Tuesday, March 28, 2006

68. Still Shaking

Lucky me: I haven't watched The Transporter yet, so I don't have to worry about comparing sequels to originals. Although, given Transporter 2, I don't think "worry" is the right word. The sequel is probably as disposable as the first film--and that's fine with me. It is now officially impossible to differentiate among high-speed action pictures, within a certain mid-to-big budget range. The only thing that makes one stand apart from the next, I think, is the star.

This is where Transporter 2 gets it right. Jason Statham saves the picture, not the hand-to-hand-to-foot-to-head-to-sternum-etc. fight sequences, the Aeon-Flux-ish nemesis-vixen, the impossible-trajectory vehicle chases--certainly not the Man on Fire plot. We've seen much of this before; all that's demanded of this kind of movie is a certain level of professionalism and not too much derivative drivel. And as far as the minimum standards of the genre go, Transporter 2 manages not to actively offend or distract. Again, if the movie has merit, it's because Statham as Frank Martin provides a welcome addition to the action figure shelf, carrying to the character the substantial goodwill of previous performances, particularly Lock, Stock and Two Smoking Barrels (1998) and Snatch (2000) for Guy Ritchie--with honorable mentions for Cellular (2004) and the 2003 remake of The Italian Job.

The post-matinee-serial action picture was forged in the '60s by Bond and Steve McQueen, then mutated by the Sly/Arnold/Evil Empire crushinator--followed by an almost-accidental synthesis when filmmakers in the late '80s started throwing punches and shooting bullets at and dropping buildings on Bruce Willis. His post-Moonlighting wiseacre charm and regular-guy looks, receding hairline (despite various 'pieces) and all, rejuvenated the form, weaning the action picture from its steroid habit while maintaining the Big Bang Theory.

Statham, like Willis, knows how to lower his balding head and take it like a man--well, at least the kind who's always half-scowling to himself as the rest of the world either pours it on or gets out of the way. Transporter 2 is sustained by a matter-of-fact performance that almost makes credible his character's Andy Taylor-like lack of firearms: Correct me if I'm wrong, but I believe Frank makes his way through much of this film without a gun. (Althuogh to be fair I should note his better-than-yours kung fu.) Talk about your forceful personalities.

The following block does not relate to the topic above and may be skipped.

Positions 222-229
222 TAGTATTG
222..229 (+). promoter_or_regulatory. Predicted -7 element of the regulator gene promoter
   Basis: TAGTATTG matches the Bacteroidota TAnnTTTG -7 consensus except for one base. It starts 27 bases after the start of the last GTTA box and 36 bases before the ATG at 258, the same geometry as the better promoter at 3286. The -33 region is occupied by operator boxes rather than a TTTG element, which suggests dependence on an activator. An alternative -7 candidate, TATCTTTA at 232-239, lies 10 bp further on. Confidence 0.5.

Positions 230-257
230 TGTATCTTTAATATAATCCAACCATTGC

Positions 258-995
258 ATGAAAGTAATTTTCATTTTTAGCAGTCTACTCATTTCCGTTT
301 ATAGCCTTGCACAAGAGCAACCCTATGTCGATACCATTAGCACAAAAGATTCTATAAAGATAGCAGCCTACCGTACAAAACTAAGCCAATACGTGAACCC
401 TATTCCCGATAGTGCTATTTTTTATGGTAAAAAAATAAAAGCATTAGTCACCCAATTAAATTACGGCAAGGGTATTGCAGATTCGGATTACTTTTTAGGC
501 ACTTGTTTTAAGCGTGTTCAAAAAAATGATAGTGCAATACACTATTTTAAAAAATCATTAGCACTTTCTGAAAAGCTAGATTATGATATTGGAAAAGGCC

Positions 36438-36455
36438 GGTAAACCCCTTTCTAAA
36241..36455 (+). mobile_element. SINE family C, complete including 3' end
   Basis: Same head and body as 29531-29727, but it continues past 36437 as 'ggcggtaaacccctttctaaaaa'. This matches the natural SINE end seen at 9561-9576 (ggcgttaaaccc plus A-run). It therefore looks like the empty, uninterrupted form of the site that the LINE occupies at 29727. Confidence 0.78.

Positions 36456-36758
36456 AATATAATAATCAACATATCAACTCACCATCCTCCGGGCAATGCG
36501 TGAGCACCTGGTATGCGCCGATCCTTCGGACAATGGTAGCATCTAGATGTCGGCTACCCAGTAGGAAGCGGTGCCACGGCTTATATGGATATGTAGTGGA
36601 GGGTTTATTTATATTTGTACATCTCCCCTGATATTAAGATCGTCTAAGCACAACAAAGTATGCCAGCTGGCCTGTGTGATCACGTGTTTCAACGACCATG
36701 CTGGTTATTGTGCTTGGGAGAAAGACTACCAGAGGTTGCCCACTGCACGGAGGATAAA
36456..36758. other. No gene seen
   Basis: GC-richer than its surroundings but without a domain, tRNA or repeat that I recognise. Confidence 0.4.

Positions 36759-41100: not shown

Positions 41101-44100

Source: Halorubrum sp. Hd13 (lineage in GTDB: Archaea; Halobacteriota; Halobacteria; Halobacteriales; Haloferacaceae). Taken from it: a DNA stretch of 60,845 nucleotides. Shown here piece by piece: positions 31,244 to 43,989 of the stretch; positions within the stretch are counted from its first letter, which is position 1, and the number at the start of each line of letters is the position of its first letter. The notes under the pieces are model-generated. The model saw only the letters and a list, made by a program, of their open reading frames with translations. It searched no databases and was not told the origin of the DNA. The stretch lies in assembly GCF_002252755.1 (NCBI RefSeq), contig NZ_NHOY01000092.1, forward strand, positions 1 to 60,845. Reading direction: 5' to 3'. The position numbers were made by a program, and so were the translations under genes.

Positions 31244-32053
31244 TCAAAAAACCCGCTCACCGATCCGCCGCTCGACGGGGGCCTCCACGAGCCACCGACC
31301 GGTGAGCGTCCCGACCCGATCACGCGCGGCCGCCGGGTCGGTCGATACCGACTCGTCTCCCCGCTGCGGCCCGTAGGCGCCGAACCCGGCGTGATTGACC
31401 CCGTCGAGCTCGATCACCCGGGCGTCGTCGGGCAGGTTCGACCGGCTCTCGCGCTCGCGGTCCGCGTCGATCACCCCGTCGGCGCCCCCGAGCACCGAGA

Transporter 2 obeys its own laws--of plot plausibility, characterization, and especially physics (welcome to Luc Besson's world)--and is kept afloat by Statham's--dare I use the word?--nuances. He is square-jawed and steely-eyed, Doc Savage in a suit; but also (almost) reluctant to be the only one in a bad bad world willing and able to slog through it, pulverizing miscreants as he goes. Watching this movie, I was convinced that when the Bond franchise decides they want a working-class hero, they need look no further.


Anonymous said...

Shhh, I don't want the Bond people to steal Statham from doing a Doc Savage movie.

And Savage almost always wore a suit.


Paul J. Marasa said...


Savage may have "almost always wore a suit," but my memory of him is lodged way in the back of my head, with John Carter of Mars and Fahfred, in the late '60s. Besides, who can blame me? The image I have is of the Bantam paperback covers--scattered all over your wonderful site--where Savage looks more like The Venture Brothers' Brock Samson (Patrick Warburton)--and I know he's supposed to be the psychotic Race Bannon; we're talking about one versatile mold here. But you're right: Doc S. was more like The Transporter than Rambo. Thanks for visiting. And man, Statham would make a good Doc Savage.

Copyright Notice

Content copyright © 2005-2011 by Paul J. Marasa. No part of the written work displayed on this site may be reproduced, linked or distributed in any form without the author's express permission. All images, video, audio and other materials used are deliberately and solely for illustrative purposes connected with each article. Each accompanying element is intended as a research and reference tool with relation to each article. No challenge to pre-existing rights is implied. Aside from The Constant Viewer, the author claims no responsibility for websites which link to or from this website.